Todd
Todd
5 years ago

Direct mount FTW. Keep it simple, stupid.

Micah
5 years ago

“It’s easy to see using a smaller gear on the way up the mountain then switching to something a little larger for the descents”

Here we go, the “Boost” of 2018 will be this new invention called front derailleurs…

Jelle
Jelle
5 years ago

Wouldn’t chain lenght limit tooth count varriation for Sram 1x systems?

Dockboy
Dockboy
5 years ago
Reply to  Jelle

Yes, to a range of 4 teeth, 2 in either direction from ideal.

Ivan
Ivan
5 years ago

“It’s easy to see using a smaller gear on the way up the mountain then switching to something a little larger for the descents if you’re racing enduro and really want to pull out all the stops”

If your going to carry a second chainring on a ride and change at the top of the hill, why not just use a double? Am I missing something?

i
i
5 years ago
Reply to  Ivan

If you think a double is a viable solution for a mountain bike with 150+mm of travel, then yes, you are missing something.

elvis
elvis
5 years ago
Reply to  i

Enlighten us please…

Derek
Derek
5 years ago
Reply to  elvis

Front derailleurs limit how short your chainstays can be or how wide of a tire you can run. There are a lot of 1x only frames out right now and this would be an option for those frames.

ROBS
ROBS
5 years ago

Next they will be inventing a chainset with 2 chainrings with some kind automatic device to change rings while you ride!

Oscar
Oscar
5 years ago
satisFACTORYrider
satisFACTORYrider
5 years ago

where’s the adjustable length crank?

Andrew
Andrew
5 years ago

OneUp now really needs to come up with a product called “Bait”.

stephen
stephen
5 years ago

^ The one after that should be “Switch.”

the biz
the biz
5 years ago

bike industry companies and consumers will love any attempts to make bikes more like motor racing with this quick change stuff no matter how nonessential it actually is

ELEVEN_g
5 years ago
Reply to  the biz

Isn’t it more of a case of the bike industry coming up with stuff, to come up with stuff, so they can keep on selling said stuff, even though they all know, and they do, that said stuff is, for the most part, pointless?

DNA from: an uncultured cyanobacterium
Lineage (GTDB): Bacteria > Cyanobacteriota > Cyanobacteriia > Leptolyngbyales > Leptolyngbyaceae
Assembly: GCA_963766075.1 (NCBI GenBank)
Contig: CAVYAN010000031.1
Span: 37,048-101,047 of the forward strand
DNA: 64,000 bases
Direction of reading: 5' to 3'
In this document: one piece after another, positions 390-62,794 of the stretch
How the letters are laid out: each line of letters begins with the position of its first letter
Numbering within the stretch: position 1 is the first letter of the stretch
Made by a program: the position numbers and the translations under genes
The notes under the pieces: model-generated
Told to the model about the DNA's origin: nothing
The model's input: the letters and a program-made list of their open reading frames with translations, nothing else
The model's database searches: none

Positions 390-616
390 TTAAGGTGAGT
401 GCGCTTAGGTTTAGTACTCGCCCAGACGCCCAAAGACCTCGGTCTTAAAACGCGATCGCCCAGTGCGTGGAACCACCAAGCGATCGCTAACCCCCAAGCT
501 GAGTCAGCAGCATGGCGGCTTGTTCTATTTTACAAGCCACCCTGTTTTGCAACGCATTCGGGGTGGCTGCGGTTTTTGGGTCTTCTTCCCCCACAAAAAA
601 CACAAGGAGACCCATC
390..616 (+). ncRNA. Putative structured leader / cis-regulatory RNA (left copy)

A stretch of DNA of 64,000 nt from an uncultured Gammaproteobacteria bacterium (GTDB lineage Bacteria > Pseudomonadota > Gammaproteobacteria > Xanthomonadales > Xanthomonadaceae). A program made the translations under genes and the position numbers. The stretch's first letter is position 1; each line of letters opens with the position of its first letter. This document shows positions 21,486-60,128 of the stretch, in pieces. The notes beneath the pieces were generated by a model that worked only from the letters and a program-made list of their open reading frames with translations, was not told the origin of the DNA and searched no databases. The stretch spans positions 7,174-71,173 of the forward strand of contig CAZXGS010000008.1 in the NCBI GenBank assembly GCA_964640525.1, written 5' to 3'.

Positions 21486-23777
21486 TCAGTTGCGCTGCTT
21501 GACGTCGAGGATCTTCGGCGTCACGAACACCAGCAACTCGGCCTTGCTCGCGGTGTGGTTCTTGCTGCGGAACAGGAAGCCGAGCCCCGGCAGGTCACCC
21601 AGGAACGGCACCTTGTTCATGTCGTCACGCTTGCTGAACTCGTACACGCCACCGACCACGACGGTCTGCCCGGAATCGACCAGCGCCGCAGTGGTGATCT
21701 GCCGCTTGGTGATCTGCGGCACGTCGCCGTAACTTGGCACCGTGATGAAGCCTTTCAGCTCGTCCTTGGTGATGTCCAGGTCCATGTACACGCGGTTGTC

the biz
the biz
5 years ago
Reply to  ELEVEN_g

absolutely, I’m just pointing out the specific justification 🙂

Alan
Alan
5 years ago

Is it just me who only changes their chainring when it wears out?

WannaBeSTi
WannaBeSTi
5 years ago

As a 1x CX racer, I would like something like this. A lot of the courses I’ve done I’ve been “ok” with my existing 38. However, if I had a 40t sitting around, I would have switched for a few courses.

Lev
Lev
5 years ago

I’ve just come back from a holiday in Spain, where we were shuttling some days and pedaling up others. This would have been good to have. I have, but didn’t take my different size chainrings with me because I flew. It would also mean taking all the needed tools for cinch DM. This is a good concept . I don’t why people complain about having options! (deleted)

Tomi
Tomi
5 years ago

So there are 4 bolts to “release” which is pretty much equal to SRAM direct mount (one for the crank, 3 for the direct mount ring). If I’m correct raceface cinch system is also very quick to swap.

Not sure I see the need for that only slightly faster, but unproven solution.

NefariousD
NefariousD
5 years ago

FWIW, Yes the Raceface one is quick to swap as long as you have a free hub tool (and preferably a sturdy vice) and a feel like taking the off the DS crank on the side of the trail. A lot of people will find no use for this; however, living where I do and considering some of the places I ride, I see this as legit, being able to make a 4 mile 4000 foot ascent with some spots being 18-20% with a 28 and then switching to a 32 for the ride down the hill or for use in other riding areas. I’m a fat and plus bike rider and change gearing to suit the place where I’ll be riding pretty often so being able to switch rings in a couple minutes without removing the crank or the pedal makes this worth a try for me. Additionally the fact that the chain rings are $40 instead of the $65 I normally spend isn’t really a bad deal either

Neal
Neal
5 years ago

For me it’s about saving money replacing rings as they wear out. I go through a few a year and the rings by themselves are fairly cheap vs buying a whole new direct mount ring.